When it comes to electricity, ordinary Mainers probably care most that it be provided in the most efficient manner at the lowest possible cost, understanding that the monthly bill is only one cost among many.

But we shouldn’t fool ourselves, or allow others to fool us, that some methods of power generation come without environmental costs, including those described as “friendly to the environment,” whose problems are often downplayed or even ignored by their advocates.

A case in point was alluded to in this week’s Maine Sunday Telegram, in a story about a plan to charge Maine ratepayers $75 million a year to build natural gas pipelines that would, among other things, help a power plant in Rumford obtain affordable supplies.

Interestingly, the plant’s owners oppose the plan, saying private enterprise will eventually resolve their problem.

But the story included this revealing statement: “Environmental groups are (also) fighting that idea, largely because they favor renewable energy over natural gas.”

So, green groups reject natural gas along with coal? And honestly expect renewable sources to replace them? How many Americans know that?

Or, as one news story reported this week about a U.N. climate conference in Lima, Peru, how many people know that “environmentalists are (proposing a) new treaty to mandate a cap and tax on greenhouse gas emissions to go into effect by 2020. And to eliminate the use of fossil fuels altogether by 2050.”

Eliminate fossil fuels? But so-called “renewable” sources, such as wind and solar power, have their own costs, including set-up and maintenance expenses, visual and noise pollution and wildlife depredation, while offering only sporadic availability.

As new oil and natural gas discoveries here and abroad have assured those resources’ availability for many decades to come, the utility of “renewables” has become increasingly controversial, no matter what green activists may think.

Americans for Prosperity, a free-market advocacy group, says that wind power gets $56.29 in total subsidies per megawatt-hour of production, compared to $3.14 for nuclear power and just 64 cents for natural gas. Is that really a good investment?

In fact, a new report casts a huge shadow on renewable sources. Two Stanford Ph.D.s, an aerospace engineer and a specialist in applied physics, have spent four years working for Google to determine how renewable energy could fight “global warming,” which they both believe is real and caused by humanity’s carbon emissions.

However, Google has shut down its “RE<C” (“renewable energy is cleaner than coal”) project because, as Ralph Koningstein and David Fork reported in a Nov. 18 article in IEEE Spectrum, a journal of the Institute of Electrical and Electronics Engineers, they determined that all renewable projects combined simply “won’t work” and are a “false hope” for the foreseeable future.

When the researchers added the energy demands of manufacturing, transportation, agriculture and other industries to power generation, they concluded that renewables of all types would never meet the needs of a modern economy.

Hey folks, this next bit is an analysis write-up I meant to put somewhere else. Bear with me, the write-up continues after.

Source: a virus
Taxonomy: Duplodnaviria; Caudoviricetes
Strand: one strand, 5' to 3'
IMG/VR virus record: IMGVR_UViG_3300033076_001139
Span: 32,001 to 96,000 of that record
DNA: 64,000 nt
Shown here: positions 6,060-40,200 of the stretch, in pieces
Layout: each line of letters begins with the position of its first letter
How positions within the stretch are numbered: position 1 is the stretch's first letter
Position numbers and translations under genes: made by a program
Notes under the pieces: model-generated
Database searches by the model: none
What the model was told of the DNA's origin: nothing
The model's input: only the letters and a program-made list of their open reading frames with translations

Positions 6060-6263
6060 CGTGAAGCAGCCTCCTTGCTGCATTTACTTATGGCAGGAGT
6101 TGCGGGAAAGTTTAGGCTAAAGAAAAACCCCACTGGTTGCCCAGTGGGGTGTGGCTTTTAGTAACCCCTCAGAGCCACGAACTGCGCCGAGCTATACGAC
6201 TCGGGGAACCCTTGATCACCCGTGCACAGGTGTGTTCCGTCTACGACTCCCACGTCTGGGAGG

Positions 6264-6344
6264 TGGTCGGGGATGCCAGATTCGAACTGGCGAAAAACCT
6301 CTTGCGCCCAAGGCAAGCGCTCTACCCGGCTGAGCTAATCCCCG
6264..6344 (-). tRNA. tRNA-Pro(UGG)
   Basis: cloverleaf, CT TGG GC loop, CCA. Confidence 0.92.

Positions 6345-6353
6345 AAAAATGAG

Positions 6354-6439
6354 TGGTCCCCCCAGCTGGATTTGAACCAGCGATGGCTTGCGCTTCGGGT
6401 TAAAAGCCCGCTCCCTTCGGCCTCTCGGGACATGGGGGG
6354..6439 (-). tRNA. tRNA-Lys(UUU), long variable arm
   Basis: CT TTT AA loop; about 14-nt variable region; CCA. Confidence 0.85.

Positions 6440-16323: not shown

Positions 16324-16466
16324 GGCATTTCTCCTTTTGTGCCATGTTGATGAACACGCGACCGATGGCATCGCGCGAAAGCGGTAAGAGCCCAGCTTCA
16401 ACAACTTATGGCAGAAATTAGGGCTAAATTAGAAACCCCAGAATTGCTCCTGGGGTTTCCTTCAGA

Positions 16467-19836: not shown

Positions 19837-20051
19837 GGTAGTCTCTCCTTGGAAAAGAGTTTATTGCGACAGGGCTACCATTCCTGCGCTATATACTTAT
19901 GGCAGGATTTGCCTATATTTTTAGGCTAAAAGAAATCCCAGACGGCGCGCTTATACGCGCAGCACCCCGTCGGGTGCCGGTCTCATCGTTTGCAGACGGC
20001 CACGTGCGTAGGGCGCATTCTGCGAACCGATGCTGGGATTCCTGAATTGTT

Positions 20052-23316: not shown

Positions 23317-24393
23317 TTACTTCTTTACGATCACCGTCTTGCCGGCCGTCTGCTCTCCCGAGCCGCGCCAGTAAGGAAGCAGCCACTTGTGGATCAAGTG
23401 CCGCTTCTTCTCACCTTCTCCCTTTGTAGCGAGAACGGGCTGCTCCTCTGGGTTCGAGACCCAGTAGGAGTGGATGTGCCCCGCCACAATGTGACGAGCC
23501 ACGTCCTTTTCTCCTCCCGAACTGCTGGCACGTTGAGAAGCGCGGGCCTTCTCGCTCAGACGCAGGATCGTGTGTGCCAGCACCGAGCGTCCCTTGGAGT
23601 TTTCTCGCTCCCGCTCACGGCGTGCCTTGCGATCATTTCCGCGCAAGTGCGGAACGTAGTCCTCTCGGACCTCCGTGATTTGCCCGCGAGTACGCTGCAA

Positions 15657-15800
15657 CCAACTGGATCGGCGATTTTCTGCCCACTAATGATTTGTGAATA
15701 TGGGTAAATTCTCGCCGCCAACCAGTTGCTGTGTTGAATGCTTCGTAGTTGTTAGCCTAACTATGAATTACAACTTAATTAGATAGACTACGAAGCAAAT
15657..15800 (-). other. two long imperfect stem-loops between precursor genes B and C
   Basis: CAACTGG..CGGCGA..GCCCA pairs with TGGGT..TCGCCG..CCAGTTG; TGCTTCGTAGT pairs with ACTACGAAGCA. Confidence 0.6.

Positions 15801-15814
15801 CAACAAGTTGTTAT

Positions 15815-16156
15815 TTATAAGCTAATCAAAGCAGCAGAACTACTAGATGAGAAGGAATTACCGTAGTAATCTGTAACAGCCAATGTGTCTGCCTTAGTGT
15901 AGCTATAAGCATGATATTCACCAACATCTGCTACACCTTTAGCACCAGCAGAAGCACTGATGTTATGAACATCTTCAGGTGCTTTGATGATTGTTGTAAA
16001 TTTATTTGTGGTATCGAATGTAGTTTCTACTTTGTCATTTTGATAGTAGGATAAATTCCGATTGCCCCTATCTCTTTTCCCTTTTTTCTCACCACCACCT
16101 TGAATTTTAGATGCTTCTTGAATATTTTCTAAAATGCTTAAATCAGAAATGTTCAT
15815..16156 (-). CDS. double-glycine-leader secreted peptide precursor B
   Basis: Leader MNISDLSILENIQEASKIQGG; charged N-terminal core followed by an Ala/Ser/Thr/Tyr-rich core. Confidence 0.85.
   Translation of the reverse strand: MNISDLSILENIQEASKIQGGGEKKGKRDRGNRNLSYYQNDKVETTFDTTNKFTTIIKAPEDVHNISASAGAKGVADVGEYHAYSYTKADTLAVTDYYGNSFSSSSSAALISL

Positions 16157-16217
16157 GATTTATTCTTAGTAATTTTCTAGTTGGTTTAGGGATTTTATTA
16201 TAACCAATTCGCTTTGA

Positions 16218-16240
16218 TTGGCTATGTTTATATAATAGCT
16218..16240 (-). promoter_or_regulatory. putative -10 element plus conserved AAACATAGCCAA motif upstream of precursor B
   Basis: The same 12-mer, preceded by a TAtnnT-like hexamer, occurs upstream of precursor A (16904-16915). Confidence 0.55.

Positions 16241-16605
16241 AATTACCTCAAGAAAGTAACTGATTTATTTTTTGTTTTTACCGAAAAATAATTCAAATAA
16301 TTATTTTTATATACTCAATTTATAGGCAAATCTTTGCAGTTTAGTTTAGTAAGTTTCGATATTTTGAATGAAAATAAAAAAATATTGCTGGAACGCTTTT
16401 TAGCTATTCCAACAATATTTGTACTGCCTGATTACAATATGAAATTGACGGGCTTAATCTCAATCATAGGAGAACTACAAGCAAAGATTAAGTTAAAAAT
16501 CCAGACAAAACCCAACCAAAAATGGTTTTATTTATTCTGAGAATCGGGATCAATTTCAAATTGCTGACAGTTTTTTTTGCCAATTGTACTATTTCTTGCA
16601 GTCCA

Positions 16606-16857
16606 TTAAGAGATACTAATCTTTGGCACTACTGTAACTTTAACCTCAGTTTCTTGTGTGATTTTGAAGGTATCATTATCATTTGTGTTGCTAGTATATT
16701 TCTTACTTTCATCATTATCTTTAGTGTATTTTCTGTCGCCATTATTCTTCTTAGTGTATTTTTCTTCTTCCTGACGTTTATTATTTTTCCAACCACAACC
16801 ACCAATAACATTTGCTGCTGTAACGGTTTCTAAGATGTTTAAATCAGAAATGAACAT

A British newspaper, The Register, describing their report, said, “Even if one were to electrify all of transport, industry, heating and so on, so much renewable generation and balancing/storage equipment would be needed to power it that astronomical new requirements for steel, concrete, copper, glass, carbon fiber, neodymium, shipping and haulage, etc., etc., would appear. … Far from achieving massive energy savings, which most plans for a renewables future rely on implicitly, we would wind up needing far more energy.”

The RE<C authors call for the invention of “disruptive technologies,” but admit they have no workable ideas yet.

But hard-core environmentalists like those in Peru have one: They want to shut down most of the developed world’s economy to reduce carbon emissions to the levels of a century ago.

That such a move would return much of the world to medieval levels of privation, disease and hunger is inevitable, though not much discussed.

But there are answers that don’t require cutting our own throats. One is the modernization and substantial expansion of carbon-free nuclear power.

Want electric cars? Then you need a reliable and large-scale generating source to keep them humming, and renewables won’t cut it.

Then there’s something I mentioned briefly a few weeks ago – a miniaturized fusion reactor project now underway not in some mad scientist’s lab, but at aerospace giant Lockheed Martin’s fabled “skunk works.”

It may seem too good to be true, but subsequent stories in a variety of media have taken the project seriously (while awaiting solid results, which the company says are five to 10 years away).

But if it turns out we can build perfectly clean 100-megawatt fusion reactors that will fit on a flatbed truck, then you will never see a windmill project again.

M.D. Harmon, a retired journalist and military officer, is a freelance writer and speaker. He can be contacted at:

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